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Peirce's Twenty-Eight Classes of Signs and the Philosophy of Representation : Rhetoric, Interpretation
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The major principles and systems of C. S. Peirce's ground-breaking theory of signs and signification are now generally well known. Less well known, however, is the fact that Peirce conceived these systems within a 'Philosophy of Representation', his latter-day version of the grammar, logic and rhetoric triumvirate. In this book, Tony Jappy traces the evolution of Peirce's Philosophy of Representation project and examines the sign systems within it.
Surveying the development of this Philosophy of Representation from its beginnings in the mid-1860s to Peirce's last statements on signs between 1908 and 1911, this book draws out the essential theoretical differences between the earlier and later sign systems. Although the 1903 ten-class system has been extensively researched by scholars, this book is the first to exploit the untapped potential of the later six-element systems. Showing how these systems differ from the 1903 version, Peirce's Twenty-Eight Classes of Signs and the Philosophy of Representation offers an innovative and valuable reinterpretation of Peirce's thinking on signs and representation.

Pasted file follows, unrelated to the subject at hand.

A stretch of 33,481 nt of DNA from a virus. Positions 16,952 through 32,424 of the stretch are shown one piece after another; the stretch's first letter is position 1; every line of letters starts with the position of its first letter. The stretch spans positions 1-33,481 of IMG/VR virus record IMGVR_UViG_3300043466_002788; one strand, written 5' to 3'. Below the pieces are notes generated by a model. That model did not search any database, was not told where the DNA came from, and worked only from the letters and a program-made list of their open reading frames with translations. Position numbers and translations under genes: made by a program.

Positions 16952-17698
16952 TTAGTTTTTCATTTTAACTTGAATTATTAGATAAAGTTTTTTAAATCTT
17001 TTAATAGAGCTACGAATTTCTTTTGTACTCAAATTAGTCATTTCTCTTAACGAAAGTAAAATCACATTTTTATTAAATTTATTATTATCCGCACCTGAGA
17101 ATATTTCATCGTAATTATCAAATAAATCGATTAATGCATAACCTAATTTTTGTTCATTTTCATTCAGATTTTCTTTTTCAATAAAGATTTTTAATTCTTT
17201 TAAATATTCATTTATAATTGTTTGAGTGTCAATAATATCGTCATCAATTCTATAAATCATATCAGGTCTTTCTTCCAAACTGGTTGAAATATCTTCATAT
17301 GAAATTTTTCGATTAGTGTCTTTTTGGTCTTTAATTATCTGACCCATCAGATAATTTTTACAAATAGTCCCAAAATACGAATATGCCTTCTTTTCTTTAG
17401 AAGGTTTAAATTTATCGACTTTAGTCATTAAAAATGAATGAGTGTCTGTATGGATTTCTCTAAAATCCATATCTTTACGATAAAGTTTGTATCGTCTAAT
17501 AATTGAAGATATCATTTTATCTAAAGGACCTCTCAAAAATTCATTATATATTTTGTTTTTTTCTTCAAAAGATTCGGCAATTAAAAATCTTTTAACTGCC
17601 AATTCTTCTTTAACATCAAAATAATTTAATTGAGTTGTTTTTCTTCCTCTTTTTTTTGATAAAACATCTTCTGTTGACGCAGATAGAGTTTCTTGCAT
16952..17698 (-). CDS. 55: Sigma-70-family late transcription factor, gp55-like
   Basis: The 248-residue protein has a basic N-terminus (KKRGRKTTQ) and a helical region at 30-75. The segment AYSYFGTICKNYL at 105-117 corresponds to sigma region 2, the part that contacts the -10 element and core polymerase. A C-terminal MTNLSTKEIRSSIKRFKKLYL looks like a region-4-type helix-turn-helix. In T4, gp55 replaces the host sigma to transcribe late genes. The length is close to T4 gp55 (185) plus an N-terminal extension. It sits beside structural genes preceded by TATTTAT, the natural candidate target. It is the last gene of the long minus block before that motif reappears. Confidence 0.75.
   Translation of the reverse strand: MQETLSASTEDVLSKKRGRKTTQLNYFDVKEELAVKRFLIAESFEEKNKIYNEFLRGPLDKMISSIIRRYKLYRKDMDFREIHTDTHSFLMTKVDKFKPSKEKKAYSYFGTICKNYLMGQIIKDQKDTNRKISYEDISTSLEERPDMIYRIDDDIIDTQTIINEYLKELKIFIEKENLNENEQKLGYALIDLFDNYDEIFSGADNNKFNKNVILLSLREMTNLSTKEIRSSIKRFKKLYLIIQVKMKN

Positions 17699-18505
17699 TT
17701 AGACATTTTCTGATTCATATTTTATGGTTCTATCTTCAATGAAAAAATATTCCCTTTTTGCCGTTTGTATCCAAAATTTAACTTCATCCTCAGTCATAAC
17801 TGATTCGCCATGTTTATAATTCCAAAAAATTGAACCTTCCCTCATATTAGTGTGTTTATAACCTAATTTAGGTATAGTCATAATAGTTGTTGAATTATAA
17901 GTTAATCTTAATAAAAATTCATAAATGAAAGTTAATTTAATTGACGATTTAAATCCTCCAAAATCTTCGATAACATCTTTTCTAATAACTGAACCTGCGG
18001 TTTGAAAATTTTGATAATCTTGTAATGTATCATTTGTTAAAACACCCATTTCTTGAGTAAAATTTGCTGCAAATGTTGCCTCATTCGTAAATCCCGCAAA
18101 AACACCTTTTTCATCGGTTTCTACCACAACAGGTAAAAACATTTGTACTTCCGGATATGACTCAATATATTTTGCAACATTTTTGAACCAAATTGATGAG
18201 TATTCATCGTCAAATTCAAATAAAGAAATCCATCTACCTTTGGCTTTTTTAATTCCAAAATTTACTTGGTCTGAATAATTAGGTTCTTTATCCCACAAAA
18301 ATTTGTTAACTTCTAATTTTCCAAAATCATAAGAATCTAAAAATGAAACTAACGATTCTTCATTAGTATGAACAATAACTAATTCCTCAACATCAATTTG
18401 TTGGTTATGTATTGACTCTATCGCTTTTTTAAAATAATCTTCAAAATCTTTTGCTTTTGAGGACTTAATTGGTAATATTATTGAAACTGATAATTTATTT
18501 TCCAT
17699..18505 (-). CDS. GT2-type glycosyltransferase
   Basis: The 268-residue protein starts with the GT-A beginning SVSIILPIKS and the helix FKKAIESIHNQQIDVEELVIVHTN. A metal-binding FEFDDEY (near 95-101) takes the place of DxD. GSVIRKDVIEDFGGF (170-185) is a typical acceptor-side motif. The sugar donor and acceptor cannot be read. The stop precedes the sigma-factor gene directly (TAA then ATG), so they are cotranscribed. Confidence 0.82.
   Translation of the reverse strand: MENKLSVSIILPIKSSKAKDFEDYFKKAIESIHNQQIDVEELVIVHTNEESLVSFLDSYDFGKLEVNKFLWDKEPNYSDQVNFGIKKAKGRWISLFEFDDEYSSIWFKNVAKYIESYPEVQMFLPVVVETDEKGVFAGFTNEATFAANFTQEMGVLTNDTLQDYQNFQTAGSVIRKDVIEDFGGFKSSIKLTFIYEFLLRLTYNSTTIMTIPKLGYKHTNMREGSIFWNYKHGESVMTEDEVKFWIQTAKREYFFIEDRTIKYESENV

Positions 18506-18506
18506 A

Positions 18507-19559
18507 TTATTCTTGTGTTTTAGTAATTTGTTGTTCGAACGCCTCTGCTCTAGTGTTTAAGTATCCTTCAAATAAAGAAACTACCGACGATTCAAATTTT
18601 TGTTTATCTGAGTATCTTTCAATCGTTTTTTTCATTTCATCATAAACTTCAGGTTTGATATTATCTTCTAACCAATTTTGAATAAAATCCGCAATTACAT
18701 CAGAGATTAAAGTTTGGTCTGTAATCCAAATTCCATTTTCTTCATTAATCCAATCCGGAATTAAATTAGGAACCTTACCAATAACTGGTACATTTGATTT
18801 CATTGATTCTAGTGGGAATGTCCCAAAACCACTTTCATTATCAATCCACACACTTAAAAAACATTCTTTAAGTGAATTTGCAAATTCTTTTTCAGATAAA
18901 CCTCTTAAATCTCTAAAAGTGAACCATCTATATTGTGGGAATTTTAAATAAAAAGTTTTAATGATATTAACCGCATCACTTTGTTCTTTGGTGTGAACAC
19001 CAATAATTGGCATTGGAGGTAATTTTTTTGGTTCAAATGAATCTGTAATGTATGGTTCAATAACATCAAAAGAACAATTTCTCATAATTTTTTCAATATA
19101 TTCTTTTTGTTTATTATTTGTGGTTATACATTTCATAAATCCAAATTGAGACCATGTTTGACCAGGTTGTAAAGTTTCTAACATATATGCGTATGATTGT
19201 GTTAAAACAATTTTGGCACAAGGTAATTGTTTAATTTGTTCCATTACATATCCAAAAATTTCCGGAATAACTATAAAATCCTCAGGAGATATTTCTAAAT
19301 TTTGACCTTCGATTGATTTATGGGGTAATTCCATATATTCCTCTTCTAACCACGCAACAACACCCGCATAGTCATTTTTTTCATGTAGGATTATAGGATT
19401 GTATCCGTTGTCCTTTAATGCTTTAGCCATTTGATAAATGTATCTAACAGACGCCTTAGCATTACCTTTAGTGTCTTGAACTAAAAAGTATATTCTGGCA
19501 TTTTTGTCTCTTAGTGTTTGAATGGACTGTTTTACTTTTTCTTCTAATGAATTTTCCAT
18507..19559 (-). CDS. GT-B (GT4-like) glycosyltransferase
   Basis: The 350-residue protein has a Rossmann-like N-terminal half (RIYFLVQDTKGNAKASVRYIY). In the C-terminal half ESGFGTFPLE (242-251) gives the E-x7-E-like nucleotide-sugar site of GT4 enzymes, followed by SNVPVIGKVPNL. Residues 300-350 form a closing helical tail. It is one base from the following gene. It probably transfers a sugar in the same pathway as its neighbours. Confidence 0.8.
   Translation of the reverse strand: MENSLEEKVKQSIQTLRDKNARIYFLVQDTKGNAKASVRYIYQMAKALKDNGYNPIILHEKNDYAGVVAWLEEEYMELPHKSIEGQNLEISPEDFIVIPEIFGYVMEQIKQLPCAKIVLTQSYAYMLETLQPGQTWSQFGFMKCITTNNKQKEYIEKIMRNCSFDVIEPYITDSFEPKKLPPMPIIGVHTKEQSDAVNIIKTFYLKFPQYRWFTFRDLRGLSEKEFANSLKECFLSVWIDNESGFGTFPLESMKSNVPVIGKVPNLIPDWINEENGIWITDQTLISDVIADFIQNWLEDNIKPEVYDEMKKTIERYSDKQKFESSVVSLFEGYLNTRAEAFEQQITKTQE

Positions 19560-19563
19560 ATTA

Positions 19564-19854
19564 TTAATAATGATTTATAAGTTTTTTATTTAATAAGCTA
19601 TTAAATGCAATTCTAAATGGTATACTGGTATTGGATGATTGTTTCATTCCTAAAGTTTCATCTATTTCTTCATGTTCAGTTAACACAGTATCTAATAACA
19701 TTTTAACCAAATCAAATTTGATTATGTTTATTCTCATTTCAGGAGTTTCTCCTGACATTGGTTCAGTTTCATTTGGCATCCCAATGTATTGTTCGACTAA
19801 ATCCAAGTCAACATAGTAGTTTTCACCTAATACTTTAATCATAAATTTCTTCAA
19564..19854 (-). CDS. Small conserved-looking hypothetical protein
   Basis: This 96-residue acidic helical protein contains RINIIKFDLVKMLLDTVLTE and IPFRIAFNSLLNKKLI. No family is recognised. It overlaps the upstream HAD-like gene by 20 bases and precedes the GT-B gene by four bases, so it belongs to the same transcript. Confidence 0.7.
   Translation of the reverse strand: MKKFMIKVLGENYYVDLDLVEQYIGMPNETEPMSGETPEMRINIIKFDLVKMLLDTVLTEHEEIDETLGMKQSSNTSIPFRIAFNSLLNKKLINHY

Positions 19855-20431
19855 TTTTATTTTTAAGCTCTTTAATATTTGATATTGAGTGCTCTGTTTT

Exploring the potential of the later sign-systems that Peirce scholars have hitherto been reluctant to engage with, in the context of Peirce's broader Philosophy of Representation, this book will be essential reading for everyone working in the field of semiotics.